Last year, they filmed the forthcoming Western, “Forsaken” together as a pair of gunslingers. It’s their first go at jointly toplining a feature, which Kiefer told a British talk show audience is “something I’ve been looking forward to and nervous about for 25 years.” Keifer said that when his father admitted that he was nervous as well and they could laugh about it, “It really broke the ice for us and it was just a fantastic experience.”
There are father-son performers who make the whole movie whirl look fun. Will Smith and 15-year-old rising son Jaden quickly come to mind. On the set of their 2006 “Pursuit of Happyness,” Will was “teaching me along the way: This is how the camera works. You do several takes. Like, literally everything you need to know about movies,” Jaden told Vulture.
With two more Smith & Son ventures under their belts since then (“The Karate Kid,” “After Earth”), Will now treats the 15-year-old like the seasoned veteran he is. Jaden sees himself and his dad working together again. They’re a team, he says, like Leonardo DiCaprio and Martin Scorsese, or Johnny Depp and Tim Burton.
Another father-sons combination in which fun played a regular role are the Bridges. When they were just kids, Jeff Bridges and his older brother Beau were tutored by their dad, the late Lloyd Bridges, who cast them on his hit TV series “Sea Hunt.” And at home, Lloyd taught them how to “stage fight,” and one of their favorite boyhood pranks was to start a fake brawl in public, attract a big crowd of spectators, then hurry away just before police arrived.
Jeff has made it clear that his father was always a big supporter of his acting ambitions. “He encouraged his kids to go into show business, he loved it so much. He taught me all the basics: how you always play a scene like it was the first time, how to let what the other actor is saying form your response, how to be part of scene and live it. All of it came from him.”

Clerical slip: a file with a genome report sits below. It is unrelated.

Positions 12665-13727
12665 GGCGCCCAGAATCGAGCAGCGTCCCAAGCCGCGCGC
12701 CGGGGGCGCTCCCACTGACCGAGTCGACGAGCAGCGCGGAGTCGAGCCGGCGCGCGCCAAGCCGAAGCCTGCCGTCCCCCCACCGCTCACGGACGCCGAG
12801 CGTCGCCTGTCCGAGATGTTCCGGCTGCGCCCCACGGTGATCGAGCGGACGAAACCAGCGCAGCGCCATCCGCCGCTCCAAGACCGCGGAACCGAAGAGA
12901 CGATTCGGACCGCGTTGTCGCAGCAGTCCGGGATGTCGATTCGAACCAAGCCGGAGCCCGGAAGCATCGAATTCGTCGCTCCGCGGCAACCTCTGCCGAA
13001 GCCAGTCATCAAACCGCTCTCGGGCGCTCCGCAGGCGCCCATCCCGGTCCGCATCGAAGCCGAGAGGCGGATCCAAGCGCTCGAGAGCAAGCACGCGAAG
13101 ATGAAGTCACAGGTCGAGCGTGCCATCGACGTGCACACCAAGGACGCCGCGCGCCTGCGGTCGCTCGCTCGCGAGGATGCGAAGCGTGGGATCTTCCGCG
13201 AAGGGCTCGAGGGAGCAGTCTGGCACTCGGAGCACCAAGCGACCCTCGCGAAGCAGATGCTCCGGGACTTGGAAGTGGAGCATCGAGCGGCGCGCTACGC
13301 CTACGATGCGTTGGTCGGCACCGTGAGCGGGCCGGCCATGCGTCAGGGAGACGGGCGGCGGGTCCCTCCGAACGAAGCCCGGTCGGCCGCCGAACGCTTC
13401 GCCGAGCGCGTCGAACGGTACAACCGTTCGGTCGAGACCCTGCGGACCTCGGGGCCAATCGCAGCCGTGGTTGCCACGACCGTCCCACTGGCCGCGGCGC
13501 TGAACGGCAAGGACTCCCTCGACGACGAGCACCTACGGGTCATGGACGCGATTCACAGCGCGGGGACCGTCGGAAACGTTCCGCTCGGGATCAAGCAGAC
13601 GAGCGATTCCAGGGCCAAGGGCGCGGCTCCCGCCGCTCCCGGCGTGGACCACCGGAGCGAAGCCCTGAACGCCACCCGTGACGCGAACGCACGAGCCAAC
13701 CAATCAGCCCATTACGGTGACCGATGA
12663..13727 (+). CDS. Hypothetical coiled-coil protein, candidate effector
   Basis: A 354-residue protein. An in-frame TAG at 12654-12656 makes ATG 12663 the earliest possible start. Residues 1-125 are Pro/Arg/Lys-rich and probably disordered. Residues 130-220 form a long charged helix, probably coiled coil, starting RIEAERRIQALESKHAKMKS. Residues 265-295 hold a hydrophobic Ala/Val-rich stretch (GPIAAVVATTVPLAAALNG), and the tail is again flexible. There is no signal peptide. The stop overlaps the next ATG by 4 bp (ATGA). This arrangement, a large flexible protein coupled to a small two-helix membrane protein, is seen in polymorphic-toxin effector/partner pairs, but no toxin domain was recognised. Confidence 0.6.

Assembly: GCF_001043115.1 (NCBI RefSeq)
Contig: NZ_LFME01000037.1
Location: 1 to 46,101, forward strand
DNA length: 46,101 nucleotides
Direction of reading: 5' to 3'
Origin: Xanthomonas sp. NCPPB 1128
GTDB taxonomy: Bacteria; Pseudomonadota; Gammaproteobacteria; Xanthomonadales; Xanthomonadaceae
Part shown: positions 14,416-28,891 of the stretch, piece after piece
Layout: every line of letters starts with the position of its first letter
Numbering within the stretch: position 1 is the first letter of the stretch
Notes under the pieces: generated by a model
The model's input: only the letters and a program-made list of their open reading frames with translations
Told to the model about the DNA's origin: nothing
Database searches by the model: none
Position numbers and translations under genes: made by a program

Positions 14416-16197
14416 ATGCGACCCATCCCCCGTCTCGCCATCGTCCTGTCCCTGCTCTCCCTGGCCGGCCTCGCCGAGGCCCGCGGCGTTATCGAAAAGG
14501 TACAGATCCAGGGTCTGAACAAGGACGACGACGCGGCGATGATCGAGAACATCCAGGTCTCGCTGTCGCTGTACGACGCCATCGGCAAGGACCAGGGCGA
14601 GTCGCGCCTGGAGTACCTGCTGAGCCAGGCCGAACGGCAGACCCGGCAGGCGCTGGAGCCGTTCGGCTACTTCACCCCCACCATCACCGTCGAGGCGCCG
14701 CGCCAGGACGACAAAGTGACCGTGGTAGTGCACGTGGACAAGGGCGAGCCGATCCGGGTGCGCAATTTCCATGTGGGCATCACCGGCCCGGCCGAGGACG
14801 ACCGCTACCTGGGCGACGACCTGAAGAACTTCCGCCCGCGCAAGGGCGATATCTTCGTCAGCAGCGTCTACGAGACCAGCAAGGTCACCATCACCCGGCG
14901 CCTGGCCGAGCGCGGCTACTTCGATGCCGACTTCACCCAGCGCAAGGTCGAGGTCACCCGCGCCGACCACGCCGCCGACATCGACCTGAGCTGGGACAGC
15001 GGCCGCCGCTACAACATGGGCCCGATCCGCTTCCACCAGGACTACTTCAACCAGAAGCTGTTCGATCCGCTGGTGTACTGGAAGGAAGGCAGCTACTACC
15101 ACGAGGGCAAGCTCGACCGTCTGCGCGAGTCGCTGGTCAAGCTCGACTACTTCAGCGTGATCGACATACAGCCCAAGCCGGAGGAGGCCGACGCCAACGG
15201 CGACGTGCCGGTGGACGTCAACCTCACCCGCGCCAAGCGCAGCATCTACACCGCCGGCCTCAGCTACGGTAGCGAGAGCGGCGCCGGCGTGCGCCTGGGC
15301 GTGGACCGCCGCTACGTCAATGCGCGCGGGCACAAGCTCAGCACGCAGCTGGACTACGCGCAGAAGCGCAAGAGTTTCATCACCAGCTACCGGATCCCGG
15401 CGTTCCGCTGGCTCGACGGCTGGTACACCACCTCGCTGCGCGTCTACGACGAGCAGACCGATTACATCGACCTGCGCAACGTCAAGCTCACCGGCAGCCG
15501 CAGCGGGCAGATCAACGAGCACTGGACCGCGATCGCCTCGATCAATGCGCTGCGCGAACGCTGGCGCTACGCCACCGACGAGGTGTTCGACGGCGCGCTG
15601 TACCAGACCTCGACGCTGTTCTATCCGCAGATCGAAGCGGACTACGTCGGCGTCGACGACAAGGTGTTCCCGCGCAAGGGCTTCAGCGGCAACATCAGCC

James and Josh Brolin are another example of father and son stars, in which pop has imparted hard-earned wisdom. As the senior Brolin mentioned in a chat last year, he and Josh have talked about the importance of avoiding troubled productions. “I’ve given this advice to Josh, and he’s really heard me now, that what you don’t do is more important at this stage of your career, so choose carefully. He’s done very wisely I believe,” says James proudly.
Show business fathers from Jerry Stiller (Ben’s biggest fan) to Alan Thicke (Robin’s chief booster) seem to enjoy nothing more than boasting about their offspring.
Perhaps no clan of actors has more stories to tell than the family of esteemed former “West Wing” star/political lightning rod Martin Sheen. The actor’s eldest son, Emilio Estevez, was a signature member of the Brat Pack, and went on to a respectable career as both actor (“Men at Work,” “Mighty Ducks”) and indie filmmaker (“The Way”).
“The most significant thing my father has taught me is that my job is no more or less important than someone else’s,” Emilio once declared. “When I realize there are a billion people in China who don’t know I exist, any flightiness is swept away.” Emilio got some attention in the tabloids back when he married Paula Abdul and again when they split, but of course, nothing can compare to his little brother Charlie Sheen’s decades of booze-soaked, violence-riddled, rehab-studded, porn star and prostitute-loving shenanigans.
Martin Sheen has supported his kids (another son, Ramon, and daughter Renee, are also actors) in their thespian endeavors and their personal lives. The love and heartbreak he feels for Charlie has been out in public for all the world to see. Here’s hoping there’s a happy ending.